The New Natives and FRIGID New York present a new play about love, loss, and marijuana
Camel is a timely play to review in this, the 4/20 season. It follows small-time pot dealer Gus (Anthony Severance) and his psychotropic quest to reclaim the memory of a high-school fling. Subject of said fling, Louie (Jillian Geurts), has recently died and begun appearing in his dreams. He sells to his main regular Eddy (Joel Brady) in order to finance buying pot from fellow dealer Ezme (Karen Johal). She sells him an expensive experimental brand called 'Camel' that supposedly allows the user to relive memories. Through this he delves in to the murky realms of his psyche. Gus tries to recapture, and then pick apart, his time with Louie, but will he ultimately find the solace he is looking for?
This play, by relatively new playwright Charly Clive (Previous works include the well-received On Prosperity, and Britney), is at once a memory play and an immediate dystopian-nostalgia piece. Its concerns are hard to pin down neatly. It is not a play about the tragedy of the burnout or the horrors of drug-abuse, though it touches on the subject every now and again. It is a play about the small American town and its inhabitants, but you would never call that its thesis. In its simplest, it is a fascinating slice-of-life, looking at loss and the relationship of the millennial generation to drugs. Interestingly, the play neither condemns nor condones drug use. The character of Gus is probably using unwisely, however we clearly see him having the spiritual experience he craves. His problem is not drugs, per se, but his longing for a feeling or place that does not exist, and perhaps could never have existed. This feeling of not knowing is what drives him forward trying to capture the unknowable, and wreaks havoc on his emotional stability.
Photo: Katelyn Rose Landis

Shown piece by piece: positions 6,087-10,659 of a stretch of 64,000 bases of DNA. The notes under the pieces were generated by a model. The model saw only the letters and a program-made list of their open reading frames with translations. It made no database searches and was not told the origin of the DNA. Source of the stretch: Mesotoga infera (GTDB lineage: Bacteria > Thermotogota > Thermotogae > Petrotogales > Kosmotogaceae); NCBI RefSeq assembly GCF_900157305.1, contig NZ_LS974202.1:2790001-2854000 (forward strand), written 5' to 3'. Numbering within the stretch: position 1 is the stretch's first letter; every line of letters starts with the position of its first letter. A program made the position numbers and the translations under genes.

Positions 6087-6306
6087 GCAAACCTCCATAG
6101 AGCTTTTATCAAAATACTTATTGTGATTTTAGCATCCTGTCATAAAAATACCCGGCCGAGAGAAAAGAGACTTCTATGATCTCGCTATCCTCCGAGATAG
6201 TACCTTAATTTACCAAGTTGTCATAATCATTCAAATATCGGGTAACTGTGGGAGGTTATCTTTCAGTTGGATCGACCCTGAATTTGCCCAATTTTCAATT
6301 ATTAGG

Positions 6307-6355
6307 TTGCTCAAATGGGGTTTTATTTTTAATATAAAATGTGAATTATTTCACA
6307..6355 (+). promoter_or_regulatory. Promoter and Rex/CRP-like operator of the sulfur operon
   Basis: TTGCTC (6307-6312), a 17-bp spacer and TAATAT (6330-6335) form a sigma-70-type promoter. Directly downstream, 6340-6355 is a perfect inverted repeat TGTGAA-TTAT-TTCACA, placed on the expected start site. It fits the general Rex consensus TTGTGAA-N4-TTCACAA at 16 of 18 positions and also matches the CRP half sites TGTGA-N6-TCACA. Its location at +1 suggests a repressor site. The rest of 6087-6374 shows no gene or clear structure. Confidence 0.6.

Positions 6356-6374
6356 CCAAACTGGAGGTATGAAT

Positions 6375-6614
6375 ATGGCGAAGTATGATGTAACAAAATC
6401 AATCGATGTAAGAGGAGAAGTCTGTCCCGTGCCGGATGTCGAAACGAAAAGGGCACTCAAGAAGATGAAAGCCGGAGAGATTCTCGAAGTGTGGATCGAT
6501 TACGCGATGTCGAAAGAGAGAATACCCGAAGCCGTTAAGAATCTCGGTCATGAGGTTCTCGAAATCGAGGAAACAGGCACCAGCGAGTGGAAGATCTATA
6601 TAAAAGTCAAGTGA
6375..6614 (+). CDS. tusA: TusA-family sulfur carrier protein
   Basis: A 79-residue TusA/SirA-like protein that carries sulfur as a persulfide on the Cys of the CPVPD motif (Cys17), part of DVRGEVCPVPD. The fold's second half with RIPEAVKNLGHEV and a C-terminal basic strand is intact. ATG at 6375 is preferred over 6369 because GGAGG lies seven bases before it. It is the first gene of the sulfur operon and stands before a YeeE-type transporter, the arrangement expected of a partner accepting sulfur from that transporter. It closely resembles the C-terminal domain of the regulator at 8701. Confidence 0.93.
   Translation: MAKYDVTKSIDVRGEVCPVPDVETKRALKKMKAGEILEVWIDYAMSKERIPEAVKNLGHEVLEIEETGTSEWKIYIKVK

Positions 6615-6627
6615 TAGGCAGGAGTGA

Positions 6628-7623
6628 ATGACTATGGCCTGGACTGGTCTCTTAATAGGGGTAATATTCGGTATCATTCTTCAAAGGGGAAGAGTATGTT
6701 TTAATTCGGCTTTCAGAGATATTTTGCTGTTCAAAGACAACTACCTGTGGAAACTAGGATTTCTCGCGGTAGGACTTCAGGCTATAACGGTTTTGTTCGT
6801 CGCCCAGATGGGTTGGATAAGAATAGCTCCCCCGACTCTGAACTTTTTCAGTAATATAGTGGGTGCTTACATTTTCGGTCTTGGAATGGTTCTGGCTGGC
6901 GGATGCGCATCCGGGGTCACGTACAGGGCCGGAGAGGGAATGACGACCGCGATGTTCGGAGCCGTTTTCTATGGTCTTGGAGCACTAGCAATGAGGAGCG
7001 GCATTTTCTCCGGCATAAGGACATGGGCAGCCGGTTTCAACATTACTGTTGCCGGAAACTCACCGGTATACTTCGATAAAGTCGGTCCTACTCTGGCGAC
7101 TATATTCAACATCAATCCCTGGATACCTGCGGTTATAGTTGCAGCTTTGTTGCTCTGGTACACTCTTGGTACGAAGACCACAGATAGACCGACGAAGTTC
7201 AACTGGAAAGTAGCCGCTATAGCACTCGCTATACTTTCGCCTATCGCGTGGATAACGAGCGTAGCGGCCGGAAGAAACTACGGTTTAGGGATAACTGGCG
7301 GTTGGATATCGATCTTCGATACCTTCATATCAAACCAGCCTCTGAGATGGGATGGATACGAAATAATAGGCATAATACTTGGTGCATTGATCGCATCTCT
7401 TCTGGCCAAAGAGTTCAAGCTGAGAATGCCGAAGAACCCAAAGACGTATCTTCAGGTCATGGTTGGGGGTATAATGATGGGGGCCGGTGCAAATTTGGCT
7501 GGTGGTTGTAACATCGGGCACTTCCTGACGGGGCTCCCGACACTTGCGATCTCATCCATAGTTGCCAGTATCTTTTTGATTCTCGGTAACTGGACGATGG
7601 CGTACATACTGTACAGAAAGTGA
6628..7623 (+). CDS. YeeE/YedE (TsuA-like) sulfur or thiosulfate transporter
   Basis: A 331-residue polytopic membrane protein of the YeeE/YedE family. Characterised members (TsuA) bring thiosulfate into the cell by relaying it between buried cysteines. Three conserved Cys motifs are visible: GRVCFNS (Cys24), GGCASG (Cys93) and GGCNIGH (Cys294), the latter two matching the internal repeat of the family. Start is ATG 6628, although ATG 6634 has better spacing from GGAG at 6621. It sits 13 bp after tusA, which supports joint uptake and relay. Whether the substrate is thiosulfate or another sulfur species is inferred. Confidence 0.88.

Anthony Severance is the MVP of this production. He is onstage for practically the whole show, and his character's decline is masterful to watch. By the time he gets feverish the audience is ready to watch him be so, and they are prepared to tune in to whatever borderline insanity he might churn out. Karen Johal is, like her character, an expert in throwing back whatever is thrown at her. Absolutely necessary when dealing with Gus. Joel Brady is a wonderfully lovable small town nobody, and is faultless in his simplicity. Jillian Geurts is a marvelous memory, and, if anything, the only crime she commits is not being on stage more often. Director Michael Bradshaw Flynn has made excellent use of his cast.
Where the play falls into trouble is length and pacing. The first act feels unnecessarily padded. So much is said about the characters that feels redundant, or has already been shown elsewhere, and it stalls the plot, preventing us from getting to the meat of play sooner. In contrast, the play's climax and denouement all seem to happen at once. This is interesting stylistically, but prevents the play from drawing a palpable conclusion, or leaving the audience with a distinct emotion to go home with. Camel toes the line with regard to conventional structure. It never becomes overly problematic, but it is occasionally distracting to an audience member.
The New Natives and FRIGID New York have put together something special here. The cast are strong, the writing is funny, the direction is excellent, and the final product an edible delight. Clive's voice as a playwright is one that will likely be heard often in the coming years. You would be wise to start listening now. Catch Camel while you still can.